Papillary carcinoma


Papillary thyroid carcinoma is considered the most common form of cancer of the body. About 80% of cases of oncology of this area occur in the papillary form of cancer. This pathology is often accompanied by metastases in the lymph nodes, which causes a high incidence of relapses.

Causes of the disease

According to statistics, the peak incidence of papillary carcinoma occurs in the 30-50-year-old age of patients. This pathology is three times more common in women than in men. In 50% of clinical cases at the time of diagnosis, the patient has metastatic lesions of lymphoid tissue.


In oncological practice, the following types of malignant tumors of the thyroid gland occur:

  1. Anaplastic thyroid cancer.
  2. Papillary carcinoma.
  3. Follicular tumor.
  4. Modular cancer of the gland.
  5. Thyroid gland lymphoma.

Papillary thyroid carcinoma: causes of development

The emergence of papillary carcinoma in most cases is associated with such risk factors:

  • Exposure to ionizing radiation:

The carcinogenic effect of radiation was confirmed by statistical data on oncological morbidity after the Chernobyl accident and the nuclear bombing of the cities of Hiroshima and Nagasaki. As a result of these disasters, 7% of people from the surrounding areas were diagnosed with a thyroid cancer.

  • Radiation therapy:

Patients treated with gamma radiation have an increased chance of developing papillary carcinoma. This is due to the development of systemic mutations in the human body under the action of ionizing radiation.

  • Iodine deficiency:

In some cases, promotes the formation of malignant tumors of the thyroid gland.

  • Tobacco smoking and abuse of strong alcoholic beverages.
  • Genetic predisposition.

Symptoms of papillary thyroid carcinoma

The cancerous process in the thyroid gland proceeds slowly and in the early stages does not cause patients subjective sensations.

Over time, a pathological densification of the glandular tissues is formed in this area. The patient can independently determine the node, which also can correspond to the metastatic lesion of the cervical lymph nodes. At this stage most cancer patients have:

  1. Slowly growing pain syndrome. In the later stages of tumor growth, pain can be controlled with the help of narcotic analeptics.
  2. Disturbance of respiratory and swallowing function. Such pathological conditions are often associated with a risk of choking.
  3. The presence of an uncharacteristic hoarseness of the voice. A sudden change in the timbre of voice in the elderly age should alert the patient to the onset of oncology.


The main way to determine the diagnosis of thyroid cancer is aspiration biopsy. During the procedure, the doctor pierces pathological tissue with a thin-walled needle and spends a small area of ​​the malignant neoplasm. In some cases, a biopsy specimen from several compaction sites is required. Subsequently, the biological material undergoes cytological and histological examination under laboratory conditions. Ultimately, aspiration biopsy indicates the type, stage and extent of cancer.

To determine the size and structure of the tumor, the oncologist may resort to ultrasound examination. The ultrasonic method is based on measuring the penetrating power of sound waves, which forms a graphic image of the affected organ on the monitor screen.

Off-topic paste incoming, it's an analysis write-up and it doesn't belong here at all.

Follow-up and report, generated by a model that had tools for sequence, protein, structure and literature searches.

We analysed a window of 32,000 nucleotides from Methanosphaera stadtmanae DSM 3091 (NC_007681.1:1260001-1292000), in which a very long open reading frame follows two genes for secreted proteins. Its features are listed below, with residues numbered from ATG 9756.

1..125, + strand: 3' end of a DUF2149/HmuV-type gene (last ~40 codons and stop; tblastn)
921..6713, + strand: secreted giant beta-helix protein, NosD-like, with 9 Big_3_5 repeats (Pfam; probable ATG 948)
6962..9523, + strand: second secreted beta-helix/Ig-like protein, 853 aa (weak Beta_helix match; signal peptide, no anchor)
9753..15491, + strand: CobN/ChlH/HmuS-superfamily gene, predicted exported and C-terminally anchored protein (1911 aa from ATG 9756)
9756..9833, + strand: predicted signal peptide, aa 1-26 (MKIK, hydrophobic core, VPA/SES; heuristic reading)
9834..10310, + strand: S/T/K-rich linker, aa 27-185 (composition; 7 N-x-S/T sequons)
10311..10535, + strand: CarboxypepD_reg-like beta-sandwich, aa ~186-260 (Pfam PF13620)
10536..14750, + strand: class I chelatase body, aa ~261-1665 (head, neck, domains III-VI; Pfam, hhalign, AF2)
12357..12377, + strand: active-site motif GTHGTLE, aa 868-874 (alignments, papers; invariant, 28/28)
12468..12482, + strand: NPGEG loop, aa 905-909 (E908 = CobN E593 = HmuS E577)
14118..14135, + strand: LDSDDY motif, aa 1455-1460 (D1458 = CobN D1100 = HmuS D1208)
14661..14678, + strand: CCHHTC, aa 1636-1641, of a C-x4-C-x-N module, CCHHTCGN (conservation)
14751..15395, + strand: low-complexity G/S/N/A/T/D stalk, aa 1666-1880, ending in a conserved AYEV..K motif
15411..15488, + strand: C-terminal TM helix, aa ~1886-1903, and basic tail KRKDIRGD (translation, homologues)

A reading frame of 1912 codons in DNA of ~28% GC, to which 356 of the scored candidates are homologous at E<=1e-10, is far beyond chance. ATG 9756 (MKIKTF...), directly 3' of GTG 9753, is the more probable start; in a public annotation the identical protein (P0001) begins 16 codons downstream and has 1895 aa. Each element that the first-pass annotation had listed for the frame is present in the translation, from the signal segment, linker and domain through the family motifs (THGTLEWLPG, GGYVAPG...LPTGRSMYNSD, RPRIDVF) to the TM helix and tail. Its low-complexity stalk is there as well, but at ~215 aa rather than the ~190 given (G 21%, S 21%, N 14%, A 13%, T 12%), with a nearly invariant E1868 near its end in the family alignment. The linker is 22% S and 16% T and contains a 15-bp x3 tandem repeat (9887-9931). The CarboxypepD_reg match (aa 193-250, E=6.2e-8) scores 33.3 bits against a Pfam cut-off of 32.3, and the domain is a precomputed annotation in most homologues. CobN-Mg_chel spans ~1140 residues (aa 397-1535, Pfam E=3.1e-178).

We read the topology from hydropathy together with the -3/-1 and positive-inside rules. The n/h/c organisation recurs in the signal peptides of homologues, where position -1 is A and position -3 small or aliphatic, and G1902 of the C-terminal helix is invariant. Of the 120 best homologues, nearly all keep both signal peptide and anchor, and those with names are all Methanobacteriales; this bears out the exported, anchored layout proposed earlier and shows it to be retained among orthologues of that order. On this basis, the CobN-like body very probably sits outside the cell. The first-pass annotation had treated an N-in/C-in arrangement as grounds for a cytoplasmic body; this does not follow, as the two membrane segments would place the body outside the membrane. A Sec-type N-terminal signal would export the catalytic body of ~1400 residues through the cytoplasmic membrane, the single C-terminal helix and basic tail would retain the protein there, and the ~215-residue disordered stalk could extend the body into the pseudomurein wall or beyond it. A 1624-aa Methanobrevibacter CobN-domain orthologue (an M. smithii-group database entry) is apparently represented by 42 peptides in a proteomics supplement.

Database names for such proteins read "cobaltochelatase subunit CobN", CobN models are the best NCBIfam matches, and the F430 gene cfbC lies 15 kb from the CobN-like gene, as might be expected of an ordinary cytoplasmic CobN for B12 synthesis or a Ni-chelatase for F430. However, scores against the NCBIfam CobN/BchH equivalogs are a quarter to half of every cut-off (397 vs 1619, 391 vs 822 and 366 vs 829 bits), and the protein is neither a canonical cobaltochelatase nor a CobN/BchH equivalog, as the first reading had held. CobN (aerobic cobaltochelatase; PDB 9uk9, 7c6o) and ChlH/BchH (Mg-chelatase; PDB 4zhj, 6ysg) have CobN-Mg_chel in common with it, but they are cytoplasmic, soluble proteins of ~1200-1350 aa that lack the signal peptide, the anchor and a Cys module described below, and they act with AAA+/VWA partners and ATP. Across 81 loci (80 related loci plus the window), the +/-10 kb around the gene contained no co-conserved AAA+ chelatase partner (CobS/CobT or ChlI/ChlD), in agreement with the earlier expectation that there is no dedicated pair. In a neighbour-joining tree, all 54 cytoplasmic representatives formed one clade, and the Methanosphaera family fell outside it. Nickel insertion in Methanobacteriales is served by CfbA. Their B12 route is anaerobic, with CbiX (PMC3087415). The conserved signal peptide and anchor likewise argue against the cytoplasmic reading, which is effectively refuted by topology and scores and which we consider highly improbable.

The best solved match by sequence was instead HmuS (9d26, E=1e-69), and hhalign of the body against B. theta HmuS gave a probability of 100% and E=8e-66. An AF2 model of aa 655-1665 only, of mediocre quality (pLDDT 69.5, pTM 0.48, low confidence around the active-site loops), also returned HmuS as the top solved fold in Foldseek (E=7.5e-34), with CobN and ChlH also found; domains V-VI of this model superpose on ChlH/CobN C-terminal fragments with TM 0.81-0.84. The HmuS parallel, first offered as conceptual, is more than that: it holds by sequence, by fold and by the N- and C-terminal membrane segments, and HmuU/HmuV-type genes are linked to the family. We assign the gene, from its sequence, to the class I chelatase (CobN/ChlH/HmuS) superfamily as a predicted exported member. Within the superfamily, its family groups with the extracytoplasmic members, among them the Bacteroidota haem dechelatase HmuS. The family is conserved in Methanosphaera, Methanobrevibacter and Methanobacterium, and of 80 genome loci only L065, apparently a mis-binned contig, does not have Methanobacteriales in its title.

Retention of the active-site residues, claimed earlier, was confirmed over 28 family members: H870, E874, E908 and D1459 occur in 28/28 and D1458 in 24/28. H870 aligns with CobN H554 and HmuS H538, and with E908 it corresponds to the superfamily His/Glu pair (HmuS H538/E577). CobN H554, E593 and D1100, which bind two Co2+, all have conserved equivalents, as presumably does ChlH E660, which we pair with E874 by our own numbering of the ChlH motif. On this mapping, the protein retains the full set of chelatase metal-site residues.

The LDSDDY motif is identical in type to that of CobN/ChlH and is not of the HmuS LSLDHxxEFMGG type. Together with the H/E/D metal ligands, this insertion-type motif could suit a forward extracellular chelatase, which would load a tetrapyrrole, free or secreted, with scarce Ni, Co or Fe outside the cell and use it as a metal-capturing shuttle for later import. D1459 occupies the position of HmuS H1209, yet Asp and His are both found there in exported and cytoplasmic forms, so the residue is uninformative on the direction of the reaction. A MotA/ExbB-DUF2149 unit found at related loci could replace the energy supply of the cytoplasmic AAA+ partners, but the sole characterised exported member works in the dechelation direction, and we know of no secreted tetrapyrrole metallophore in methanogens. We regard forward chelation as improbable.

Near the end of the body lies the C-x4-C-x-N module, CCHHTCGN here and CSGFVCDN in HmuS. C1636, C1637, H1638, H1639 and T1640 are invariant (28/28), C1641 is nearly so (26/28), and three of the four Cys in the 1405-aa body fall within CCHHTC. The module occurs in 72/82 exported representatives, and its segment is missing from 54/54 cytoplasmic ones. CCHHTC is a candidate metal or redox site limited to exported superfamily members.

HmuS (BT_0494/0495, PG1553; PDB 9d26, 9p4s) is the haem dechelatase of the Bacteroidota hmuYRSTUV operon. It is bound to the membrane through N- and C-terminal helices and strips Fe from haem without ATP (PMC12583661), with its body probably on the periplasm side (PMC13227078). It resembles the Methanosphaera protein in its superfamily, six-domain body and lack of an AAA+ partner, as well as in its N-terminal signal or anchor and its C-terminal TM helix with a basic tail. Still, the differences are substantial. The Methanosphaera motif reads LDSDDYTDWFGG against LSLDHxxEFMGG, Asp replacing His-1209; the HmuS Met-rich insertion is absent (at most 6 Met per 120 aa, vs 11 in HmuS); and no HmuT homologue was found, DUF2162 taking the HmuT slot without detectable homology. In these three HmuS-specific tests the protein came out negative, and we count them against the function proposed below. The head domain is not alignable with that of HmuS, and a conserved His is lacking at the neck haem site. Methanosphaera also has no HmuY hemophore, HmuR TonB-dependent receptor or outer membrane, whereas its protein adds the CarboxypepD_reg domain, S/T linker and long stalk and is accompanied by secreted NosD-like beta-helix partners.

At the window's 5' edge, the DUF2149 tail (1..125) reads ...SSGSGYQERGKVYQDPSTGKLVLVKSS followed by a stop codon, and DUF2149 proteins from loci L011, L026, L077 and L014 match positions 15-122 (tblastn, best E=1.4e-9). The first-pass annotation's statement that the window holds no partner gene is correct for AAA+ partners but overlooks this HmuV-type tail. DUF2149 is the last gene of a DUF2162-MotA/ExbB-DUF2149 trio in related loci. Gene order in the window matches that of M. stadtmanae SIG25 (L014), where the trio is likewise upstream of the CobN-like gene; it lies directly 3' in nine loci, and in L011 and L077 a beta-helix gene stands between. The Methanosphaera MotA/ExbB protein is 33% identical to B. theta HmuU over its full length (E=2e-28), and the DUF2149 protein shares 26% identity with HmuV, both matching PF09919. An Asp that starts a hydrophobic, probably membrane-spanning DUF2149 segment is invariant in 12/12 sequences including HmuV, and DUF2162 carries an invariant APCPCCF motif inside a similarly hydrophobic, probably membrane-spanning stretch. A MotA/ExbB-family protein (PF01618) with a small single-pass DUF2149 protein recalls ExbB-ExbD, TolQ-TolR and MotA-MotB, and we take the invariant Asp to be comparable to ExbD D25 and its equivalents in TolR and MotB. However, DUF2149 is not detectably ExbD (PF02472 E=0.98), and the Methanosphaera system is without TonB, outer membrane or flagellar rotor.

Computed tomography is needed to assess the extent and prevalence of cancer. X-ray scanning of the neck region determines the exact size of the papillary carcinoma and the presence of metastases in nearby lymph nodes.

The complex of diagnostic measures also includes the analysis of the circulatory system on the amount of thyrotropin. The oncologist on the concentration of this hormone makes a plan for anti-cancer treatment.

Treatment of papillary thyroid carcinoma

Operative intervention is considered to be the most effective technique for the therapy of thyroid cancer. In the course of a surgical operation, tumor tissues, thyroid gland and adjacent lymph nodes are to be excised. The patient, as a rule, is operated under general anesthesia.

Papillary carcinoma, the operation on which was performed in the traditional way, often requires the provision of therapy with radioactive iodine. The use of this drug is recommended to be carried out within 1-2 months after the radical removal of the neoplasm. Iodine in a radioactive form is capable of destroying cancer cells that could remain in the primary focus of oncology after surgery.

Treatment with radioactive iodine does not pose a threat to the patient's body as a whole. The safety of this drug consists in the absorption of iodine ions only by the thyroid gland cells. Thus, all radioactive elements are localized in the thyroid gland.

In addition, the patient should observe proper nutrition after cancer and periodically take hormonal medications.


The most favorable prognosis for patients younger than 40 years. Also, a positive outcome of therapy is observed with limited growth of the tumor without going beyond the capsule of the thyroid gland. In such cases, postoperative survival is 95%.

Papillary carcinomaat the late stages of growth with a significant spread of the oncological process and the presence of metastases has an unfavorable outcome of treatment. Significantly aggravates the course of this disease the development of secondary foci in the lungs and bone tissue.


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